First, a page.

A June 6th Reuters article in the Dickinson Press says North Dakota refuses to flinch as OPEC keeps output high. Unnamed company officials in North Dakota are calling OPEC’s decision to maintain a price war
… a questionable bet.
Article points yet again that drillers are dramatically reducing their costs. One executive said:
“High commodity prices hide a lot of inefficiencies in the system,”
Place your bets for or against ingenuity
The WSJ article below says OPEC members believe their strategy of high production (a.k.a. a price war) has been successful. Ooooookay.
As Prof. Mark Perry often says: Don’t bet against American ingenuity.
OPEC has doubled down on their bet.
Go for it.
Maintaining maximum production
Wall Street Journal reports OPEC Keeps Output Unchanged. At their meeting on June 5, OPEC kept their official production cap the same. Article points out this is now referred to by OPEC as “an indicator.”
Perhaps that is merely a recommendation, since producers are pumping as much oil as they possibly can with output understood to be about 1 million barrels a day above the suggested level.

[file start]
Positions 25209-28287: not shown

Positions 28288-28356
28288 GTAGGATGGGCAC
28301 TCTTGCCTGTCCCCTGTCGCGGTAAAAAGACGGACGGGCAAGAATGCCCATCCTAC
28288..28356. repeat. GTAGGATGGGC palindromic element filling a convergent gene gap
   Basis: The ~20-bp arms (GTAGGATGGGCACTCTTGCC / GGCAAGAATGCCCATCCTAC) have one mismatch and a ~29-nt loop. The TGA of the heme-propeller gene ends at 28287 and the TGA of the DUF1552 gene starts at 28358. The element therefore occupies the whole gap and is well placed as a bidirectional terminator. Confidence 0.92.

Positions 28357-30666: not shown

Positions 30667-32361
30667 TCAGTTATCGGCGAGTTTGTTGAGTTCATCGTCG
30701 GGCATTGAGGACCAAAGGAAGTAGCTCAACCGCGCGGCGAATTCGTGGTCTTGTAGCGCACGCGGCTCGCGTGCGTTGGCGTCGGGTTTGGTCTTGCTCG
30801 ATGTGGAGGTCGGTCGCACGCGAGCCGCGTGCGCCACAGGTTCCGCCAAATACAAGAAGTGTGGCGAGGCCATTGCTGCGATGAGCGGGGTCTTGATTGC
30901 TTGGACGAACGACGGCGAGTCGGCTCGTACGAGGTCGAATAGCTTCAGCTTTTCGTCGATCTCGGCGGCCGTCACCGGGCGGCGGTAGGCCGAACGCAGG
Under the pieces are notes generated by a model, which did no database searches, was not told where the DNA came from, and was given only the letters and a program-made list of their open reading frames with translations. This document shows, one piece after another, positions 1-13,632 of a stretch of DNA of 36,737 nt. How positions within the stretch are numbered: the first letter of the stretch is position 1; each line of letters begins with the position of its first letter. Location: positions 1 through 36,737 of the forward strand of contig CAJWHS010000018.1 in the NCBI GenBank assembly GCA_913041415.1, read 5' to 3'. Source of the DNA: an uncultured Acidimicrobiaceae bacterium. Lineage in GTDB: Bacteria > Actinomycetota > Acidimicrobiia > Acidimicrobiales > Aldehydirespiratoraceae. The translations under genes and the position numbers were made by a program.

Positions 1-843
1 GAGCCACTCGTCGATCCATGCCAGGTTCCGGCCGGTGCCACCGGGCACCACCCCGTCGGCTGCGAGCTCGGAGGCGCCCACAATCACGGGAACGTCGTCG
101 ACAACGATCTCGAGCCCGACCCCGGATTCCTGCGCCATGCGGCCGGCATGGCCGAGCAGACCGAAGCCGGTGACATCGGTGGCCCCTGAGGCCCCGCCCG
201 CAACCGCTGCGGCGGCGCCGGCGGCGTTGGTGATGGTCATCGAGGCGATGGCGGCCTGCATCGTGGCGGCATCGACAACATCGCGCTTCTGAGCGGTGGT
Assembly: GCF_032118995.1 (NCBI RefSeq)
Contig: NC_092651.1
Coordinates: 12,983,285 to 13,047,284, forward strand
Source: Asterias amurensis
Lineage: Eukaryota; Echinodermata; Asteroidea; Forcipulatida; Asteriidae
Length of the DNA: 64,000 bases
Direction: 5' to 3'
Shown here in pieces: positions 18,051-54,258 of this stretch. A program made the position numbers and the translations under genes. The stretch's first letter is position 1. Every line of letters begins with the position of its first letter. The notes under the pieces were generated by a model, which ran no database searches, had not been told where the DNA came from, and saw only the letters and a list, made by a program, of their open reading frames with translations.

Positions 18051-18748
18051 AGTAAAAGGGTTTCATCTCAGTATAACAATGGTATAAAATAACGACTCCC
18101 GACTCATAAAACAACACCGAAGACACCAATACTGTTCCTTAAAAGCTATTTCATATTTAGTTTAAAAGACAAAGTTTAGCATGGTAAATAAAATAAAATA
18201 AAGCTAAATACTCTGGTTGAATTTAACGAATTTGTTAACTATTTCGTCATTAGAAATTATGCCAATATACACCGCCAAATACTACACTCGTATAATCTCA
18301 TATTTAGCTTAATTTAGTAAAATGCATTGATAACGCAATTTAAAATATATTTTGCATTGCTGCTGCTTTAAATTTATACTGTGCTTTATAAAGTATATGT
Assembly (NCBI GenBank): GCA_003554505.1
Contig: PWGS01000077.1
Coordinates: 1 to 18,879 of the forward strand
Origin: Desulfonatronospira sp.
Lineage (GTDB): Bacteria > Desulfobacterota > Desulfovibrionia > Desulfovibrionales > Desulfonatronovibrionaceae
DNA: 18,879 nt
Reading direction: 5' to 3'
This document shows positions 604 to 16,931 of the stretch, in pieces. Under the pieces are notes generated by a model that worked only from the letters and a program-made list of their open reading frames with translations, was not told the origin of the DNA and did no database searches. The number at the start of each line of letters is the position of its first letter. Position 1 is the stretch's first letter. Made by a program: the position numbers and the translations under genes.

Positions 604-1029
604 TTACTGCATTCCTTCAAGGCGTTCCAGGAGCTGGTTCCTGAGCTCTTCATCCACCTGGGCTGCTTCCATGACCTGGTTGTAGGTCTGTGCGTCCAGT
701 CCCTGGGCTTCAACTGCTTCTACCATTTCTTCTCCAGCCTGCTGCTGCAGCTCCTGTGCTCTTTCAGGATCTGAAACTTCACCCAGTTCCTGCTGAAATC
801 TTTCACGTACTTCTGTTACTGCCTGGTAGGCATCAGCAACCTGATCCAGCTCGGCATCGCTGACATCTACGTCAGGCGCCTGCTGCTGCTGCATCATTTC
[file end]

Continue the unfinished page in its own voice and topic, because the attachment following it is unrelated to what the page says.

Article says this confirms that OPEC, especially Saudi Arabia, is no longer the swing producer. That role, undesirable as it may be, has now shifted to American shale oil. It is slowly moving into common understanding that drilling in American shale is something that can be turned off and on rapidly.
The irony is the level of American shale production has not dropped off at the same time as OPEC has increased their production by roughly the amount that is produced in Bakken. That means the price war continues.
Interesting chart shows the 2014 crude production by member. Data is credited to OPEC. Daily production in millions of barrels for 2014:
- 9.7 – Saudi Arabia
- 3.1 – Iran
- 3.1 – Iraq
- 2.9 – Kuwait
- 2.8 – UAE
- 2.7 – Venezuela
- 1.8 – Nigeria
- 1.7 – Angola
- 1.2 – Algeria
- 0.7 – Qatar
- 0.6 – Ecuador
- 0.5 – Libya
That would put North Dakota as number nine on the OPEC list.
The head of ConocoPhillips spoke at the meeting, saying that American drillers have reduced their costs by 30% at this point. He expects another 20% efficiency improvement in the next five years.
My guess is that his time horizon for the next 20% is a bit long. I’ll guess drillers will slice that much more off their costs in the next year or two.
That’s just the cost side, not counting improvements in output.
6/5 – Wall Street Journal – OPEC: The Slog of War – Column on stock prices continues the war analogy, since this is generally considered to be a price war. E&P companies are continuing to seek efficiencies.
Article has guesses on what E&P companies might do – muddle through or retrench more severely.